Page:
How to germinate an avocado seed in less than a month! | from IN WHIRL OF INSPIRATION


3. My seed still doesn't have any roots, why's that?

Now that we got rid of the skin, let's tackle the next problem. The avocado seeds take so long to germinate, because due to their size moderate humidity doesn't reach the core of the seed to activate the development of the embryo plant (= creating of roots and the stems).
So! After you peel the skin take a look of your pit. You will notice that on each seed exists a "seam" that surrounds it all the way around. (If you open the seed at the "seam" with a knife and separate the two hemispheres, you will see a hibernated embryo-plant in the core of it. But don't do that, as it will destroy the seed.) Take 2 toothpicks and diametrically opposite stick them on the "seam" on the top of the pit. With a slight force move them sideways, so you open a thin slot, WITHOUT separating the two hemispheres completely in the bottom of the seed. Pin the toothpicks opposite to the slot you opened and using their support hang the avocado pit avocado in a bowl with enough water, that the slot of the pit is submerged in it. Remember to refresh the water regularly, so that the slot of seed is always moistured. This trick will speed up the process of germination and in 2-3 weeks will see the first root. Leave the seeds in water until they create plenty of roots and at least a small twig with some leaves. Otherwise if you plant the seed before photosynthesis starts, you migh "drown" it with the overabundance of soil nutrients.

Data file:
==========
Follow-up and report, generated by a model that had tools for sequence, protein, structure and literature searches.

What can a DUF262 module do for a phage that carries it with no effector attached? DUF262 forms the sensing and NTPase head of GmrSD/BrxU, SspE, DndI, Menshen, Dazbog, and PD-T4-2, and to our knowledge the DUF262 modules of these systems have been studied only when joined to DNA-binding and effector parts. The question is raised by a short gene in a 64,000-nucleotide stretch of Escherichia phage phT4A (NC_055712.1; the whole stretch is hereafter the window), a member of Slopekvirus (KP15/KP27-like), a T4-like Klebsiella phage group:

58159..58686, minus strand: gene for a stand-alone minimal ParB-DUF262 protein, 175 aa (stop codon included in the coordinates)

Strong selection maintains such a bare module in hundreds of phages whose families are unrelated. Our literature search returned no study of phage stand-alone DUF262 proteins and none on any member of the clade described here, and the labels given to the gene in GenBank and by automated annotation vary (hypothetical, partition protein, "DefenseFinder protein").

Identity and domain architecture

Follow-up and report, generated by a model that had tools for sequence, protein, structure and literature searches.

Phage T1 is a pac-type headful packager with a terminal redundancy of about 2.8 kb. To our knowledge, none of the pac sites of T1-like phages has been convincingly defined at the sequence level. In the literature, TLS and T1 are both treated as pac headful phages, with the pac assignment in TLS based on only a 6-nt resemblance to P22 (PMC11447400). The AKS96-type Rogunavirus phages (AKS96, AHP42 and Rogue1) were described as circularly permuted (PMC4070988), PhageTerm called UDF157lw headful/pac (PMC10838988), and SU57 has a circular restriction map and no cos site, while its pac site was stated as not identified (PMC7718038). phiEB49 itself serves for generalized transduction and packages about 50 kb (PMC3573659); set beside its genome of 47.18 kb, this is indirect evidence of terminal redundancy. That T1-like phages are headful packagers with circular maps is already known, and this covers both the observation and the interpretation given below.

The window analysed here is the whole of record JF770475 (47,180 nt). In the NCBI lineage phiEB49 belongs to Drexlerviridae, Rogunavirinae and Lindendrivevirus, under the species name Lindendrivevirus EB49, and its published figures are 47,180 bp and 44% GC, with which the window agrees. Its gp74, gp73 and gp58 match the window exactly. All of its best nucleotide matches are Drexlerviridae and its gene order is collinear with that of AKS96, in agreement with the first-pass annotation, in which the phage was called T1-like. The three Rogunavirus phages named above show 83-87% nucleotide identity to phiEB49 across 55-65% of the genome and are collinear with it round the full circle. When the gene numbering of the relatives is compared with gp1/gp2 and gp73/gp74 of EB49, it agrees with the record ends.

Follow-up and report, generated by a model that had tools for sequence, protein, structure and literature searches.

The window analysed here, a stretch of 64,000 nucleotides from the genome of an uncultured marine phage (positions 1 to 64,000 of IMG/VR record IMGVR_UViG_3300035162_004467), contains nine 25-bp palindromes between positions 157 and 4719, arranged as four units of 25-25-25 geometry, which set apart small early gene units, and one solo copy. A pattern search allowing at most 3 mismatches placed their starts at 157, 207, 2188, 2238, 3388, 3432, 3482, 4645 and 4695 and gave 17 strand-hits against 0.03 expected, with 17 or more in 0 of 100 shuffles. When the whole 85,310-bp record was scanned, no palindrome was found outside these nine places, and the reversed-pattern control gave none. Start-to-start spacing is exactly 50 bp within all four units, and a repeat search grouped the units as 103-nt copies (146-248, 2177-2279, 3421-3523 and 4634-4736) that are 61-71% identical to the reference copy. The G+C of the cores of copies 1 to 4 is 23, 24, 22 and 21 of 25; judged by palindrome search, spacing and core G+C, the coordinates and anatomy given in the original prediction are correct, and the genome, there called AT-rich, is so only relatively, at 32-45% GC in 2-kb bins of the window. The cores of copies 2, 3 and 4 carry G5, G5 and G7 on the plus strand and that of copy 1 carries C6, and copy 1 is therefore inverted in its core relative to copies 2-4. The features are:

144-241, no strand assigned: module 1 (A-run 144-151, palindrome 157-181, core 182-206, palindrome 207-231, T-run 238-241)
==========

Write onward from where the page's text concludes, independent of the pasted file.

Do you see the "seam"? It's very recognizable and in slightly different spot on each pit.

Do you see the "seam"? It's very recognizable and in slightly different spot on each pit.

Pin the toothpicks opposite to the slot you opened.

Pin the toothpicks opposite to the slot you opened.

Do you see the whitish plant-embryo in between the slot? That's where the germination start!

Do you see the whitish plant-embryo in between the slot? That's where the germination start!

The root growth after some weeks.

The root growth after some weeks.

Do you think that you are ready to try germinating avocado pits again? Were my tips and tricks useful and if not do you have anything to share? If you have please do in the comments below. Good luck with your gardening adventures and remember that the avocado trees produce fruit after their seventh year of growth (!). So be prepared for a lot of patience my pals! xoxo

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Déspina Kortesidou